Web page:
In this book, I do my best to evenhandedly portray top leaders, warts and all. I utilize narratives from the lives of individual leaders to explain general principles, but I acknowledge that this book presents only part of the story for any single individual. I employ an analysis technique called critical empathy, developed by R. Marie Griffith, a historian of American religion at Washington University in St. Louis.³ The intention of critical empathy is to recognize and share the content and spirit of study participants' perspectives while also acknowledging a broader analytic framework that allows for additional interpretations. The point is neither to poke holes in participants' stories nor buy into every tall tale and justification. Rather, I seek to acknowledge the value of each leader's perspective while also evaluating his narrative account against the public record. After all, a benefit of studying senior leaders is that much has been written by and about them, providing background information for each interview. I also realize that collecting and analyzing interview data can introduce a number of biases, especially when these tasks are conducted by a team, but we followed standard conventions to minimize these potential problems.⁴ With all of these caveats, I think one of the greatest benefits of this study is its unique ability to shed light by revealing perspectives previously hidden beneath the surface. Talking directly to these leaders provided remarkable insight, and the size and scale of this study allows comparisons among them that previously could not have taken place in a systematic way.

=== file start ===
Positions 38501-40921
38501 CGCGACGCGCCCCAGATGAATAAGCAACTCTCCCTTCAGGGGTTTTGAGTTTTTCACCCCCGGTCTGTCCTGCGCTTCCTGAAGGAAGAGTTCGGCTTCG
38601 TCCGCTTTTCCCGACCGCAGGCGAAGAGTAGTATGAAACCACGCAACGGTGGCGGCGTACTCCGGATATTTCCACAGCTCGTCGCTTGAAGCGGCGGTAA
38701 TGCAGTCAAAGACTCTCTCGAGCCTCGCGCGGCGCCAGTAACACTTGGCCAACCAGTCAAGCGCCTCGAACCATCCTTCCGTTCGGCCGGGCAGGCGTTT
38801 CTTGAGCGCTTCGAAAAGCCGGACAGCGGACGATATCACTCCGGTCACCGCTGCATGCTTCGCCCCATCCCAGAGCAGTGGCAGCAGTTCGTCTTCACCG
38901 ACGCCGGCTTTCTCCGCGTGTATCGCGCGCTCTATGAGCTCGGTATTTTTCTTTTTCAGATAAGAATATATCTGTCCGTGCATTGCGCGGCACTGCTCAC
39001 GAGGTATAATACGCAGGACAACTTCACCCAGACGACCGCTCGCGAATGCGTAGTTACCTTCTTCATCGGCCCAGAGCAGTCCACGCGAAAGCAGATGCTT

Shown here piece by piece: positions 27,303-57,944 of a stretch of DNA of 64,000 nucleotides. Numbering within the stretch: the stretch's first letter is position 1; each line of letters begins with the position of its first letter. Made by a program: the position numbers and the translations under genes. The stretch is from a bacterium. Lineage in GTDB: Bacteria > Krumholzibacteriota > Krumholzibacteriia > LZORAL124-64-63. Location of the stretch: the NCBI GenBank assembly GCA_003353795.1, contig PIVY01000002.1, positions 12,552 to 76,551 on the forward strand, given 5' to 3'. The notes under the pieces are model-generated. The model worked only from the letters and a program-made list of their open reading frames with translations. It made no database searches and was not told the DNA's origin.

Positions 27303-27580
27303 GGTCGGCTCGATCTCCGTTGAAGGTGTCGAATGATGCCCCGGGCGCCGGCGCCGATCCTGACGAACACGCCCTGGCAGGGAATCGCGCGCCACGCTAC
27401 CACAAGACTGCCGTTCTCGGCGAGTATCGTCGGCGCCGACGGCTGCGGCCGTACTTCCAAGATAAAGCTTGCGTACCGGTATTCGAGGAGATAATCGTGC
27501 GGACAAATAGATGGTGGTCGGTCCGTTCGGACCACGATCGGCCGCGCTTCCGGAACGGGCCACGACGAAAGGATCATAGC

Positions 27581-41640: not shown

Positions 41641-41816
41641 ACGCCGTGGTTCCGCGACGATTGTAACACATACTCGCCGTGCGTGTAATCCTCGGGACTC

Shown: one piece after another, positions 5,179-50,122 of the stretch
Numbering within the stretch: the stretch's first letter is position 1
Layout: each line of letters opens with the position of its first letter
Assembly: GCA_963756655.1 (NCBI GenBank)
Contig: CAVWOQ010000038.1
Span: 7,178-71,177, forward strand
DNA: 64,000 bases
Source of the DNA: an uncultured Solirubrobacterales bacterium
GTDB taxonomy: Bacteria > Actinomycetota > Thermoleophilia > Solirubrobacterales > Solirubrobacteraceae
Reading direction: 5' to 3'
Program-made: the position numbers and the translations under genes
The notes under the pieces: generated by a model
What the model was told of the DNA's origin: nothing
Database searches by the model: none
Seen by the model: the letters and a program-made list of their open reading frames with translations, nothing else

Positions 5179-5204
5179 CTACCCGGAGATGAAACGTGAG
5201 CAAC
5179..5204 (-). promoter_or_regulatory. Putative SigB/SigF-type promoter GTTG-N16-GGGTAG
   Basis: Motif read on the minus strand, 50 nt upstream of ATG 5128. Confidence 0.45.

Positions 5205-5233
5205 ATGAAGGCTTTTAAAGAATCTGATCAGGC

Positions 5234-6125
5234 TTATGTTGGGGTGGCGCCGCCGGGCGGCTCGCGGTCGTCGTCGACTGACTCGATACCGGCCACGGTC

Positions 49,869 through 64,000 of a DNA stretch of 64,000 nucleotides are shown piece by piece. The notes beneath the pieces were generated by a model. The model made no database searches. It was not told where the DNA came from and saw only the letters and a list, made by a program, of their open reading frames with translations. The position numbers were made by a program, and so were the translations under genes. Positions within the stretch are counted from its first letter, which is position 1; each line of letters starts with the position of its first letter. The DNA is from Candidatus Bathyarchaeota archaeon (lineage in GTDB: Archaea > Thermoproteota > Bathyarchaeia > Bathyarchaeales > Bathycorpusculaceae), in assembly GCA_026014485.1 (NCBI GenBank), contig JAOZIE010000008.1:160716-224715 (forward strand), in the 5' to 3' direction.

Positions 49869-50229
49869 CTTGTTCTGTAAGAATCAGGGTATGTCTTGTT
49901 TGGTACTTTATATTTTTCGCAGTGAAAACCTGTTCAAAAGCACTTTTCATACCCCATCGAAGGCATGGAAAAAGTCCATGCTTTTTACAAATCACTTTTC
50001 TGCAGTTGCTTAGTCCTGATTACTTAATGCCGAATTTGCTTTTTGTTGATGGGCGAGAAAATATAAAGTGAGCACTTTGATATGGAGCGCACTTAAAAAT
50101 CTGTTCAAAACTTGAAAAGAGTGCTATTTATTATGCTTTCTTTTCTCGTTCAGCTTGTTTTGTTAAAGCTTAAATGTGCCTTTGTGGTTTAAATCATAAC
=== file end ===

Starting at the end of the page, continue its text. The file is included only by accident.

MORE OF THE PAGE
Platinum Leaders

Leader. Today the term is used lightly as both an ideal and a casual superlative. The title is applied liberally across fields and positions. Leadership is the subject of books and lectures, the dream of ambitious men and women, the goal of programs and elections, and both the savior and scapegoat of nations and companies. Much is made of leadership, but relatively little is known about the lives of those who sit atop the world's most powerful organizational pyramids. Who are they? How did they get there? And what do they do with their power?